The Canadian Federal Government recently made a monumental decision, allowing four terminal cancer patients to legally use psilocybin to relieve their end-of-life anxiety. The exemption is a landmark recognition of the evidence for psilocybin as a powerful way for hospice patients to find acceptance of their mortality.
Psilocybin is the psychoactive compound found in magic mushrooms. Psilocybin has been shown to increase connectivity between neural processes. This can expand “brain plasticity,” potentially opening the mind to different perspectives. Peer-reviewed research has shown that using psilocybin can bring relief to people suffering depressive disorders by opening them to new ways of seeing the world and new self-awareness.
Although certain health benefits of psilocybin are well documented, we have just scratched the surface of its potential applications. Progressive researchers have had to work harder to study the medicinal benefits due to prohibition that still remains in most of the world today. Three decades of research and observation have shown these compounds have low physiological toxicity with virtually no potential for abuse. This decision by the Canadian government shows progress toward basing drug policy on evidence, not political rhetoric.
Psychedelic Medicine for the Many
It is not only those that are nearing the end of life that deserve to have reprise from the human condition. There is significant research showing that psilocybin can also improve mental health outcomes for those with difficult-to-manage conditions that have a high incidence of mortality such as treatment-resistant depression. Those who are suffering should be allowed to challenge the current toxic and expensive paradigms in the form of SSRI medications, and gain the possibility of access to hope.
Allowing people access to a facilitated experience with psilocybin would allow healthcare systems to work with new tools that could reduce the high cost to society of difficult-to-treat mental health and other disorders. This is increasingly relevant in a world inundated with negative news and political unrest.
While the Canadian decision is promising for these four individuals, it is a far cry from the regulatory overhaul based on rigorous research that’s needed to truly unlock the potential of psychedelic medicines.
Indigenous cultures around the world have use psychoactive substances in religious and shamanic contexts for thousands of years, but the possession, sale, and use of these entheogens were declared illegal under the UN Convention of Psychotropic Substances in 1971.
To make psilocybin accessible for medical patients using evidence-informed policy, as we have done in Canada with cannabis, will require protocols, dosing, and a safe, standardized supply chain. Access to just the controlled compounds found in the psilocybe spp mushroom genus is not enough. It is important for researchers and patients to have access to other potentially beneficial compound classes such as tryptamines, flavonoids and polyphenols that may have synergistic effects with psilocybin. Access to this fungus genus through the way it has traditionally been consumed, instead of in a synthesized form, seems relevant.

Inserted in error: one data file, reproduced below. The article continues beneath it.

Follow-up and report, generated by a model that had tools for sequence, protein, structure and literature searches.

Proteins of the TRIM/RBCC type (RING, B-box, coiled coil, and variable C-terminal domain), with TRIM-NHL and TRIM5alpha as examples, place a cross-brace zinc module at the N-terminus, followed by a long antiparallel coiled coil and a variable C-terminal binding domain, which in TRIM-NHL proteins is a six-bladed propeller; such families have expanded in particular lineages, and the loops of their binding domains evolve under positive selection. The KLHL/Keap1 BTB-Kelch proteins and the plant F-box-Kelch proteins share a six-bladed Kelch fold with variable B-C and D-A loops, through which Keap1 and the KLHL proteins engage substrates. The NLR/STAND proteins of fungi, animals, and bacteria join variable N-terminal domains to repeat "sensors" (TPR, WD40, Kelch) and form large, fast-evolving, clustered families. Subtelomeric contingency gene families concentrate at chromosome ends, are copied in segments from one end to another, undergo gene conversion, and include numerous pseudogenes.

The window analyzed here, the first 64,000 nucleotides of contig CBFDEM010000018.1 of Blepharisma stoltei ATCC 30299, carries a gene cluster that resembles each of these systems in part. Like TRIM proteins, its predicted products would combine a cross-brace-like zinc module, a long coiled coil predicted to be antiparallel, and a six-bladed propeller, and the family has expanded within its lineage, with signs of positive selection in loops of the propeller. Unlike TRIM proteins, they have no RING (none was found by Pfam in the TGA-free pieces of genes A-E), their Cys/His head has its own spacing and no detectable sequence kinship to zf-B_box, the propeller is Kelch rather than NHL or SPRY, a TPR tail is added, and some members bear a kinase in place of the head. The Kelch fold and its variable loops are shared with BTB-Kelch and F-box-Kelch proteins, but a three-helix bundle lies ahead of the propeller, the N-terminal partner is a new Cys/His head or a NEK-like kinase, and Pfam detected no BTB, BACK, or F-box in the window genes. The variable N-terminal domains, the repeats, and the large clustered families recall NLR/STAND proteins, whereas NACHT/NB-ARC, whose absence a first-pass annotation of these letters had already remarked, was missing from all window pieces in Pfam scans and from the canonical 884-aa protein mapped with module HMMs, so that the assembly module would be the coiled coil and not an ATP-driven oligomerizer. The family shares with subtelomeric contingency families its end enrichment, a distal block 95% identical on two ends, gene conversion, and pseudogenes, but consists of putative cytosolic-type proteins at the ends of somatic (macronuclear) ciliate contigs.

The evidence is clear not just for mushrooms, but that safe drug supply access is essential to prevent unnecessary deaths. The laws and policies that are not informed by science need to change.
There is a growing awareness and interest in plants and fungus as medicine by the public, and psychedelics appear daily in the media. At present, psychedelics are the subject of at least 46 clinical trials being conducted in North America.
Growing these mushrooms at scale has not been done in a regulated market. The gap in the accessibility of natural psychedelic mushroom compounds is apparent in the lack of methods sections available in current literature. Standardized dosing will require scaling production to meet patients’ needs.
The necessary clinical trials needed to make these substances more widely available cannot be done credibly without quality controlled products and standardized dosages. There is still much work to do to improve the safety profile for the wider public, including, for example, safety regarding heart valves which has been discussed extensively but not clearly understood.
Beyond study, the standardization and proper dosing of products will ensure consistency to meet patients’ needs effectively in order to achieve the desired health outcomes. At the same time, policymakers need researchers to be able to reference reliable data and to set health and safety standards for products.
Where Do We Go From Here?
Many researchers today are using synthetic psilocybin, which can be expensive and is inconsistent with people’s desire for a natural alternative to the pharmaceutical industry. This fungus has always been utilized in its entirety as a full entourage, and may indeed be more useful when ingested in a full spectrum. Synthetic cannabis attempted to produce the effect of whole cannabis but did not have the same outcomes when compared to natural compounds. Until we study mushrooms as they are being consumed, we will not understand the differences in entourage effects of whole fungi versus synthetic psilocybin.
The world is going to need a reliable, consistent supply chain of these compounds as well as new systems of delivery. If there is something that the cannabis industry taught Canada as a nascent industry; the time is now for setting up the systems required to ensure access to these important natural compounds. Researchers must have access to full compounds to do the work that is required for patient safety and regulator understanding. It is time for politicians and regulators to use science to inform policy so that all patients who could potentially benefit from psilocybin as medicine have the opportunity to change their minds.